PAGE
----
Radhika Piramal: Bag and baggage
The managing director of VIP Industries on soft luggage, soft skills, hard luggage, and a hard look at the Indian traveller
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The air conditioning wasn’t working in the coffee shop—and Radhika Piramal apologized. The courtesy was unnecessary (the employee at Mumbai’s Prabhadevi branch of Starbucks had informed us that the mechanic was trying to sort out the problem; no apology was offered), but Piramal—unlike almost anybody else in a similar situation—really meant it. The location was her suggestion, and we had all agreed to it. Piramal, dressed in a black blazer and jeans, with well-polished black clogs, hung her coat across the chair and leaned in.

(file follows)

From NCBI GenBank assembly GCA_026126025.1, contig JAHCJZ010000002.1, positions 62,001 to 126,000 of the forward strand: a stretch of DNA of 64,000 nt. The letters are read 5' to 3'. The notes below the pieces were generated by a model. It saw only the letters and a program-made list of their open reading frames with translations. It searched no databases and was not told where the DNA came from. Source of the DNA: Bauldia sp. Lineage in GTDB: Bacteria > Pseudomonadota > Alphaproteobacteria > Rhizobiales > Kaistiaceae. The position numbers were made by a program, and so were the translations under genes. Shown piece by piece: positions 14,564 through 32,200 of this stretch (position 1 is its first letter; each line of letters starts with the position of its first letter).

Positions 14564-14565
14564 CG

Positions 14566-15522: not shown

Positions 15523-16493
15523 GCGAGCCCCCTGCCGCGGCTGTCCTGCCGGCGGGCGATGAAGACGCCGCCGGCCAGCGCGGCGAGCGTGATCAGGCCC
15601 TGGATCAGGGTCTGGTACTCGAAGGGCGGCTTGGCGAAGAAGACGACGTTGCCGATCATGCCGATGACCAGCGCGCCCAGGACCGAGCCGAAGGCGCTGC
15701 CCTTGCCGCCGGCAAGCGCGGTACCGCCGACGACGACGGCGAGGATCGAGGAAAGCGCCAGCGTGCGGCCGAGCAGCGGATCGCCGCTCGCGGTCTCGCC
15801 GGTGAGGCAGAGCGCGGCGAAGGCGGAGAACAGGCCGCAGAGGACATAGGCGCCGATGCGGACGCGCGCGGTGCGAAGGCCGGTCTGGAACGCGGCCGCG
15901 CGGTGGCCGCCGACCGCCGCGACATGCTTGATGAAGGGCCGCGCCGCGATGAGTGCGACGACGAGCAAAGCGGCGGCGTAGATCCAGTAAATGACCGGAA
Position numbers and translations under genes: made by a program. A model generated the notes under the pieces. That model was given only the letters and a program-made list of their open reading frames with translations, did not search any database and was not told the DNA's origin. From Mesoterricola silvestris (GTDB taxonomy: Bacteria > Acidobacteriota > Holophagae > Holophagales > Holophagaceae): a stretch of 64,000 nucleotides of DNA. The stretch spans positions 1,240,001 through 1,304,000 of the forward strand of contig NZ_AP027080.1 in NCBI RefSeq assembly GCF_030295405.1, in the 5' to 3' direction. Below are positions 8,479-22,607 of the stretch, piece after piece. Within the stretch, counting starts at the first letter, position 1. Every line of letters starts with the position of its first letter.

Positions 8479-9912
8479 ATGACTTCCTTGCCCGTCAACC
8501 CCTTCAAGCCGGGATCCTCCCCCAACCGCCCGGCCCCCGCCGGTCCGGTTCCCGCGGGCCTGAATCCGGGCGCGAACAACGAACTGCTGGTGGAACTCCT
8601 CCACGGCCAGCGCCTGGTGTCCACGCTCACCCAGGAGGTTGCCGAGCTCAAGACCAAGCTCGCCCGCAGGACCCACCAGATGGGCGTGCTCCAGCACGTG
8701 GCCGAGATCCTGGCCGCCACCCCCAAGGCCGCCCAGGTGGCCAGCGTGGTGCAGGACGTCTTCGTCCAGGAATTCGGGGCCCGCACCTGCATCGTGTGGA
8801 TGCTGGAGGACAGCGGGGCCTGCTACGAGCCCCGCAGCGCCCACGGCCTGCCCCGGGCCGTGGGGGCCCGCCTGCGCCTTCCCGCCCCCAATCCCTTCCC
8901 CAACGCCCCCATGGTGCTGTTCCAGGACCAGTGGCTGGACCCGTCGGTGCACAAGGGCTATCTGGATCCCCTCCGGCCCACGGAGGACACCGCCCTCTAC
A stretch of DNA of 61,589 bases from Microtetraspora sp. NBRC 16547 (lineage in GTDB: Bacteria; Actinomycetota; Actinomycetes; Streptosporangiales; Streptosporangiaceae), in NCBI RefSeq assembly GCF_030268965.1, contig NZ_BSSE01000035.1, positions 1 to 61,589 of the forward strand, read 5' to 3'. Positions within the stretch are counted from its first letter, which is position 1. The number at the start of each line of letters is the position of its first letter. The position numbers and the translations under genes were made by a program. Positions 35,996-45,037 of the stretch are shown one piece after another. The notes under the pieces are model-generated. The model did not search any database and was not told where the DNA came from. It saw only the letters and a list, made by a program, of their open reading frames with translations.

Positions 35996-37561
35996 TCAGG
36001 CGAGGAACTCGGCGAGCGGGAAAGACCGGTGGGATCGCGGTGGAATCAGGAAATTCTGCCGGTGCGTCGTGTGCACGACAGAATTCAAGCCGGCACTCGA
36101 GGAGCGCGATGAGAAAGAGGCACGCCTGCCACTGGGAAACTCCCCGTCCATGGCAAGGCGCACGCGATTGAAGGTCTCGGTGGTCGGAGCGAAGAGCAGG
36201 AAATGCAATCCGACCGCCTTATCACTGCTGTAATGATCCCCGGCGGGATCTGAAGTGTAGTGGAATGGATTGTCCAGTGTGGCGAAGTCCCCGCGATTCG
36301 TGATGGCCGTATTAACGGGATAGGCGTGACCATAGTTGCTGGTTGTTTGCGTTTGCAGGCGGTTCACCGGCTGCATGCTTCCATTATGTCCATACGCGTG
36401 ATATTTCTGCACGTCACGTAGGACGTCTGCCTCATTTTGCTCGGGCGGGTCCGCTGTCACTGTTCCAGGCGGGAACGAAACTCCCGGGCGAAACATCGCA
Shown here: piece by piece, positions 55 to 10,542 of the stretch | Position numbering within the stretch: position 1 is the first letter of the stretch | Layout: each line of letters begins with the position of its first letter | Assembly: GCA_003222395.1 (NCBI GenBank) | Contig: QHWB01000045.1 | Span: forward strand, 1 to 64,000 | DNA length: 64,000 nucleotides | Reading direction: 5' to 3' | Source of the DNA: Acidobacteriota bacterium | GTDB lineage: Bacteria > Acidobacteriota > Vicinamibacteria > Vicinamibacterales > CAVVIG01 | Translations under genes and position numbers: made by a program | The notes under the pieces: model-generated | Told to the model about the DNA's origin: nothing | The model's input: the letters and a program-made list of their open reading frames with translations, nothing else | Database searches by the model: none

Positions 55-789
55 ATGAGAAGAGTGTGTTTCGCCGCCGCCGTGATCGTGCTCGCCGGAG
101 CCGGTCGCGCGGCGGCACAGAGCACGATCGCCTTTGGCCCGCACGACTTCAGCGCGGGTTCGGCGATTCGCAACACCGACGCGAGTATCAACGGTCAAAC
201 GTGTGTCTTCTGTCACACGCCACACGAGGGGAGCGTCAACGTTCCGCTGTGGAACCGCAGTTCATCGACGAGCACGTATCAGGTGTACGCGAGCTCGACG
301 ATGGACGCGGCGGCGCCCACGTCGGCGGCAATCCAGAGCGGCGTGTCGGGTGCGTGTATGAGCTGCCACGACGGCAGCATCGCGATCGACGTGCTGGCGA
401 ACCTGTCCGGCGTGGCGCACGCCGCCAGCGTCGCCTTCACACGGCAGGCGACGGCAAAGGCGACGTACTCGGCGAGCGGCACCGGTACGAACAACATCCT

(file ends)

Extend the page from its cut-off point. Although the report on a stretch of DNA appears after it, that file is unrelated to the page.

You can tell that the 38-year-old managing director of VIP Industries—it’s one of India’s oldest family-owned luggage and bag brand businesses, one that has seen the days of the licence raj and the heady ones that followed liberalization—enjoys the feeling of responsibility. If the past seven years are anything to go by, she seems to be quite capable of handling it too.